The resulting taxonomy with six general types of EA artifacts described above is shown on Figure 1.

Six General Types Of EA Artifacts

Figure 1. Taxonomy with Six General Types of EA Artifacts (click for larger image)

Despite its apparent simplicity, this taxonomy with six general types of EA artifacts provides a clear, straightforward, powerful and evidence-based conceptual explanation of the complex notion of EA.

The views in this article are the views of the author and are his own personal views that should not be associated with any other individuals or organisations.

References

1 Kotusev, S. 2016. 'Enterprise Architecture Frameworks: The Fad of the Century.' Retrieved 3 August, 2016

2 Gaver, S.B. 2010. 'Why Doesn't the Federal Enterprise Architecture Work?,' Technology Matters, McLean, VA.

3 Kotusev, S. 2016. 'Enterprise Architecture Is Not TOGAF.' Retrieved 21 January, 2016

4 Kotusev, S. 2016. 'The Critical Scrutiny of TOGAF.' Retrieved 15 April, 2016

5 Holst, M.S., and Steensen, T.W. 2011. 'The Successful Enterprise Architecture Effort,' Journal of Enterprise Architecture (7:4), pp. 16-22.

6 Kotusev, S. 2016. 'One Minute Enterprise Architecture.' Retrieved 30 June, 2016

 

Image: iStock/503215052

Comments (5)

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  • 1
    Graeme Betts wrote on 1st Dec 2016

    Very easy to comprehend and makes good sense

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  • 2
    Michael Griffith wrote on 2nd Dec 2016

    Many thanks for this excellent article. An easy to understand high level approach to Enterpnse Architecture. Distinguishes clearly between the business structure and the supporting IT structure. Thanks for being honest about the ineffectiveness of TOGAF.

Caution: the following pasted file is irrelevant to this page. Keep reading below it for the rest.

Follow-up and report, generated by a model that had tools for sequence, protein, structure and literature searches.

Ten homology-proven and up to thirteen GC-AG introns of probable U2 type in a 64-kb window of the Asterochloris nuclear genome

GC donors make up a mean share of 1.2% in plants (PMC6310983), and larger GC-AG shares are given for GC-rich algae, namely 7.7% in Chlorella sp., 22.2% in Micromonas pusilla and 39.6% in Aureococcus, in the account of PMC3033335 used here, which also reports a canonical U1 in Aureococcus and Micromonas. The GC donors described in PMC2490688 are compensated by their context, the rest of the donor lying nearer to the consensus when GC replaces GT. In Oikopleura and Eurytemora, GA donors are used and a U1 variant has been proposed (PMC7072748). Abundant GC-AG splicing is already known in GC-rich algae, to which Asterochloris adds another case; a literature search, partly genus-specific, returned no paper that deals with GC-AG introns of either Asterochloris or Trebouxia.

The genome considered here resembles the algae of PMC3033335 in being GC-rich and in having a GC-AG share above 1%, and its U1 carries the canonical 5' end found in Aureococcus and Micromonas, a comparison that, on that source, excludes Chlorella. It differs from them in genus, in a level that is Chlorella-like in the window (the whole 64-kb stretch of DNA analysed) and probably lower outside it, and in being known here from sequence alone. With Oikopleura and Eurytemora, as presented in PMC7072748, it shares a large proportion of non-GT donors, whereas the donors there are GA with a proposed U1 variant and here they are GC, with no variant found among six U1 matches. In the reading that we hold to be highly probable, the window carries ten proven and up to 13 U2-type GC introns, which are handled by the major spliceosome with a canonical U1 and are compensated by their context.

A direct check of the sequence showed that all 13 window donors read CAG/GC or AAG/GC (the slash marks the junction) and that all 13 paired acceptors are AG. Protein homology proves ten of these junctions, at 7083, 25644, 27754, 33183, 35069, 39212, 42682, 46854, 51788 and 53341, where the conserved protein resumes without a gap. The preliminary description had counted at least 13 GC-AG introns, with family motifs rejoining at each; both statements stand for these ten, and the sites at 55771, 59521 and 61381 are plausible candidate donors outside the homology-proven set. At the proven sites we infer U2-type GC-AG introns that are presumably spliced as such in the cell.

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  • 3
    Ganiat Kazeem wrote on 23rd Dec 2016

    An insightful and straightforward outline. Very helpful for compacting consulting delivery

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  • 4
    Harry Hendrickx wrote on 6th Jan 2017

    Thank you for this overview. This matrix makes sense to me. However, I have two issues with it. The first one is the separation between business and IT. The current challenges are integration. The matrix does not address this.
    Secondly I agree that TOGAF for instance can be criticized a lot. However, it is an effort to get the different elements standardized. That is exactly the problem with architects in general. If each does not convey their value in a concise and consistent way, stakeholders will keep on having difficulty to accept it. TOGAF is currently in a good process to align the different cross atlantic communities and their vocabularies. Part of this may be useful to consider and compare with the above matrix as well. Part I for instance of the Open Business Architecture Standard published by The Open Group last summer contains a vocabulary that fits well with the matrix but is more specific in what exactly for instance rules, visions or landscapes are.
    Still for consulting practice the above may be sufficient, if we seek to explain it to non-insiders I might have a challenge with it.
    Notwithstanding these comments, I appreciate the matrix and find it also insightful.

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  • 5
    David Slight wrote on 9th Jan 2017

    I wanted to support Harry Hendrickx comments as I agree totally. Until Architecture and Architects understand that we must talk consistently in terms of value and outcomes, then the decline into obscurity continues.